Many of the cases cited by plaintiff to sustain municipal corporate liability show some negligent act of a municipal employee, which was an efficient cause, without which the injury would not have occurred, as in Roumbos v. City of Chicago, 332 Ill. 70, where a child was badly burned by a pile of trash, which was set fire by a city street cleaning employee; Chicago & West Suburban Exp. Co. v. City of Berwyn, 174 Ill. App. 543 (1912), where a person was injured by a live electric wire, formerly used for fire alarm purposes; Flis v. City of Chicago, 247 Ill. App. 128 (1927), where a minor was injured when a tar kettle, which had been left unguarded by a street repair crew, tipped over on him; Simmel v. New Jersey Coop. Co., 136 A.2d 301 (N.J., 1957), where an infant was severely burned by rubbish ignited by city refuse collectors; and Bowman v. Newburyport, 38 N.E.2d 682 (Mass., 1941), where a minor was severely burned by an unguarded pile of leaves, which had been raked and set on fire by an employee of the street department. We do not believe these cases are in point in the instant case, because there is no showing that any City employee or agency started the fires. The burning of rubbish is not, in itself, a forbidden thing, nor is it so contended, and there is no evidence in the record to show that it is prohibited by ordinance. The attractive nuisance cases cited do not justify the application of that doctrine to the case at bar.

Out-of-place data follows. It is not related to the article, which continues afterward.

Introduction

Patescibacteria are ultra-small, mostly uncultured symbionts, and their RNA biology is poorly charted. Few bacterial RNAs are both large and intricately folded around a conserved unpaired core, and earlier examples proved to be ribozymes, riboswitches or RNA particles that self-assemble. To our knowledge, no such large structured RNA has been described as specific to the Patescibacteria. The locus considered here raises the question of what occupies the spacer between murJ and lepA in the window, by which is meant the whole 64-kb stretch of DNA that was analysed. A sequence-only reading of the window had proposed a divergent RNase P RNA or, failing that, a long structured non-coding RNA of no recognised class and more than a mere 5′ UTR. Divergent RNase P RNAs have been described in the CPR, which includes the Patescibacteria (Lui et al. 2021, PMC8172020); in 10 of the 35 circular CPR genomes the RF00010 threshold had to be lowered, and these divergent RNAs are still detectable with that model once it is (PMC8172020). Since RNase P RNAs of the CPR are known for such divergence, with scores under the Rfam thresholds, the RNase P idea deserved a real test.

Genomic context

In the instant case, the municipality did not originate or have notice of the specific fire which caused injury to plaintiff, and there is no charge of negligence for its failure to abate it. There was no continuous rubbish fire in the area, nor any possible way to anticipate when or how the next fire would be started or by whom, or if it would be unguarded. All of these elements were in the control of unknown persons. A sign of prohibition might have been of value, but there was no guarantee of its being obeyed, short of placing a 24-hour guard in the area. In a large city such as Chicago, there are daily countless rubbish fires in streets, alleys and vacant lots. What would be an efficient and effective method of preventing unconnected, periodic and unguarded rubbish fires is most difficult to resolve, and the supposition of a standard of conduct to be used as a basis for tort liability, to be followed by a city in fulfillment of such an alleged duty, is unrealistic.

A municipality is not expected to anticipate unusual or extraordinary happenings. In order for liability to be imposed on the municipality, the defect or condition must be such as could have been foreseen and avoided by ordinary care and prudence on the part of the municipality. (Storen v. City of Chicago, 373 Ill. 530 (1940); 9 I.L.P., p. 56, par. 497.) To hold the City responsible for plaintiff's injuries, under the circumstances portrayed by plaintiff's evidence, would be to impose an oppressive and unreasonable burden and shift the care of a child from its parents to strangers. Wood v. Consumers Co., 334 Ill. App. 530 (1948).

We conclude, as a matter of law, that unconnected, periodic and unguarded rubbish fires, started by unknown persons in a public alley, are not included in the type of dangerous street and alley conditions which the City reasonably can be expected to anticipate or guard against, to make it reasonably safe to travel or for public use, nor for which a failure to abate renders the City liable in tort.

We hold the court properly directed a verdict at the close of plaintiff's evidence, because there was a failure to prove a cause of action in favor of the plaintiff and against the City of Chicago. Therefore, the judgment of the trial court is affirmed.


KILEY and LEWE, JJ., ...

Buy This Entire Record For $7.95

Download the entire decision to receive the complete text, official citation,
docket number, dissents and concurrences, and footnotes for this case.

Learn more about what you receive with purchase of this case.